How About a Lame Title for This Review, Like “The Adequate Seven”?


It would be hard to fuck up a remake of The Magnificent Seven, but if anyone was going to be up to the task it would be director Antoine Fuqua. For a while there -“a while” meaning roughly half of this movie’s running time- this looks like the worst case scenario for such a remake, but then again, the source material is solid enough and there are just enough good choices among a sea of bad ones that the movie manages to turn around and end up as a decent if unremarkable entertainment.

The first half of the movie is particularly worrisome, as we realize that despite being based on an enduring western -which in turn was based on one of the best movies ever made-, this remake is not interested in any kind of classicism. Outside of musical callbacks to Elmer Bernstein’s iconic score, this Magnificent Seven want to leave the world of classic westerns behind and be as modern as possible.

The problems, as is the case with so many movies, begins with the script. Keeping in the tradition of co-writer and True Detective originator Nic Pizzolatto, this is one of those screenplays that think obscure, semi-philosophical dialogue makes up for character development. You know, the ones in which characters are constantly talking about about the concept of death and vengeance in vague terms.

Not to imply that every movie’s major preoccupation needs to be character, but we’re talking about The Magnificent Seven here. A movie whose first half is dedicated to the rounding up of the ragtag group of dangerous and charismatic outlaws that are bound to protect the lonesome western town of Rose Creek from being swallowed up by the evil robber baron played by Peter Sarsgaard. The movie’s idea of badass introductions and fun personalities for its seven antiheroes isn’t very original, but it kind of makes up for it through casting.

The are seven magnificents in this movie, but the narrative focuses on two of them. And just like the movie is half good and half bad, so are the leads. The bad one is Christ Pratt, who broke through as a charming schlub in Parks and Recreationbut graduated into wisecracking leading man with Guardians of the GalaxyWe know Pratt is capable of comedy based on his television work, but the movies have so far let him down in the charisma department. Magnificent Seven serves him with one terrible one-liner after another that only serve to undercut how uncool his character is.

It doesn’t do Pratt any favors being cast opposite Denzel Washington, one of the biggest movie stars alive. Denzel doesn’t even have to open his mouth to fill the screen with oozing charisma. He is the true lead of the film, and his presence is essential to the most interesting and contemporary aspect of this remake. Every western made after 1965 is revisionist in way or another, and this Magnificent Seven turns itself into the story of a band of diverse misfits -led by a black man- that comes together to save a small town from an evil businessman. Sound familiar?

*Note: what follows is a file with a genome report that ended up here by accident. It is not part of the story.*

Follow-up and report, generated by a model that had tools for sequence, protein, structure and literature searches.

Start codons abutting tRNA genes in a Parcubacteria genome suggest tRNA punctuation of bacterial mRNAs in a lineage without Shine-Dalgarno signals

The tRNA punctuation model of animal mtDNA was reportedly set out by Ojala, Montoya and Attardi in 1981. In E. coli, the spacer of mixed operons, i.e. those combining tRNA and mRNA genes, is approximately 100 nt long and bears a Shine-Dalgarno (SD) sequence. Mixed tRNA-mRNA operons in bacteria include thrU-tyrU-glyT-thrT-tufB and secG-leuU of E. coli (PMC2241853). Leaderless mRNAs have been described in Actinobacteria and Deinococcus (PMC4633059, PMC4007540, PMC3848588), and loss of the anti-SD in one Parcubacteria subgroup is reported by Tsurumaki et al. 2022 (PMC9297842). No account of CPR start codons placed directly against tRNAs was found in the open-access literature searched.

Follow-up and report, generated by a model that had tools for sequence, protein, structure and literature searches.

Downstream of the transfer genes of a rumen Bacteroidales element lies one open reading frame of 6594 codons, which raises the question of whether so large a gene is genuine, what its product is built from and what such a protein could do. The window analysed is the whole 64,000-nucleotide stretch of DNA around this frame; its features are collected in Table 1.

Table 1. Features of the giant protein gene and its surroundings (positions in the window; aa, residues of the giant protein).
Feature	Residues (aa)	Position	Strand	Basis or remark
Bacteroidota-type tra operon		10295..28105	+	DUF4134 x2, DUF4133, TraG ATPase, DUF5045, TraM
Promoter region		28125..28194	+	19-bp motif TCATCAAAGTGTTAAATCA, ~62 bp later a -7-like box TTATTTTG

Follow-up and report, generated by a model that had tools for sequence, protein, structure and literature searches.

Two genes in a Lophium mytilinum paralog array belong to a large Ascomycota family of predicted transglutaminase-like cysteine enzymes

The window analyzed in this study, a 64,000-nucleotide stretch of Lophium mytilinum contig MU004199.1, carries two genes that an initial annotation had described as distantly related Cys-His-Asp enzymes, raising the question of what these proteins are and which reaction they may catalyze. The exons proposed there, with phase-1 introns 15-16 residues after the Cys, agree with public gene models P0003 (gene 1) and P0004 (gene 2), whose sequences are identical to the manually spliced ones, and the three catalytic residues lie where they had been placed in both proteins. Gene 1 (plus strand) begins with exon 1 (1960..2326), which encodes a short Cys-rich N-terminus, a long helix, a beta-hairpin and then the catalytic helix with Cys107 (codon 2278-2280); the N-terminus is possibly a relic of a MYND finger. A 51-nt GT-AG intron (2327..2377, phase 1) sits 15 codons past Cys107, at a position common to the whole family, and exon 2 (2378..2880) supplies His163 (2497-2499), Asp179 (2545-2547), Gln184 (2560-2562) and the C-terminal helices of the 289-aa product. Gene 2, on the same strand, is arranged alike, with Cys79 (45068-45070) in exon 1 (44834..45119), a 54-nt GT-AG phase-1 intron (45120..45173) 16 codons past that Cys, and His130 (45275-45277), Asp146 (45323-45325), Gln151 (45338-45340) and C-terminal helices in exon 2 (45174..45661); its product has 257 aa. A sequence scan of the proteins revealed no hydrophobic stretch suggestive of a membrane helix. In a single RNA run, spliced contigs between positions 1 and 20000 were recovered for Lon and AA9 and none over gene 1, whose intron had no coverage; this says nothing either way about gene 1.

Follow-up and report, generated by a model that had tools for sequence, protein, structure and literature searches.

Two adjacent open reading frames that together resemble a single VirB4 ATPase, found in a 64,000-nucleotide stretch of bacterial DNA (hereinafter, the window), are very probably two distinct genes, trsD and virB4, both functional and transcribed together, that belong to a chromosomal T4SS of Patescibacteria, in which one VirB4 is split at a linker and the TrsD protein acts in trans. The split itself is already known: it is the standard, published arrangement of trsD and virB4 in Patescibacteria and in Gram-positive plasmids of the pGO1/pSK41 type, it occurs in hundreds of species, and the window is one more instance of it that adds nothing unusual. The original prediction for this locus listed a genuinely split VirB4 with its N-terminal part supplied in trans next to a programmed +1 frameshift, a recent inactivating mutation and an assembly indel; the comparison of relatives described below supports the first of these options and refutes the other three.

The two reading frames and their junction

Be it through the racial politics of Training Day or the anti-government message of ShooterFuqua has always been a political director. This time, he has purposely assembled a diverse band of heroes. They are, of course, led by Denzel, but four out of these Seven are people of color. Manuel Garcia-Rulfo plays a Mexican, Martin Sensmeier a Comanche, and Korean star Byung-hun Lee ends up being the closest runner-up to Denzel in the charisma department.

Ethan Hawke and Vincent D’Onofrio round up the cast, but there is only so much that this group of actors can do to counter-balance Fuqua’s frustrated attempts to make all of these people look cool when he is as interested in developing the characters’ personalities as the flawed script he’s working from. Charisma will only take you so far. So will nervously cut and poorly staged action sequences, which is what we get for most of the movie. Surprisingly, and pleasantly, this is not the case in the big finale, which benefits from clear geography and some appropriately pulpy action beats.

The Magnificent Seven might age well as a timely document of America’s preoccupations circa 2016. It might even serve as a fantastical escape for anguished people living through this dire moment. The movie might not hit all the right notes, but it hits them quickly enough that it never loses the beat. It knows itself to be a popcorn entertainment, and doesn’t lose time pretending that it isn’t. It goes through the necessary motions and it arrives at a prolonged final shootout that works much better than expected considering the preceding movie.

I wouldn’t call it a triumph, and I wouldn’t call it a failure. I would say there are far worse ways to spend your Saturday afternoon.

Grade: I flow between a 5 out of 10

Flying a plane is no different than riding a bicycle, just a lot harder to put baseball cards in the spokes.


There are a couple of objections one would have to the idea of making a movie out of Captain Chesley Sullenberger and the heroic way in which he managed to safely land a crashing plane on the Hudson River. First of all, you’d be hard pressed to get more than fifteen minutes of movie out of recreating the fateful “Miracle on the Hudson”, which lasted just a couple of minutes (208 seconds according to the movie). Second of all, is the fact that Sullenberger is as far as you can get from a controversial figure. Everyone except Matt Damon’s character in 30 Rock agrees he is a hero for saving the lives of all those passengers, and everyone knows agreeable admiration doesn’t make for good drama. Even ignoring those two major concerns, you’d still have to contend with the fact that the movie Flightstarring Denzel Washington, exists and was almost transparently inspired by these events (and which added extra drama by making its lead character an alcoholic).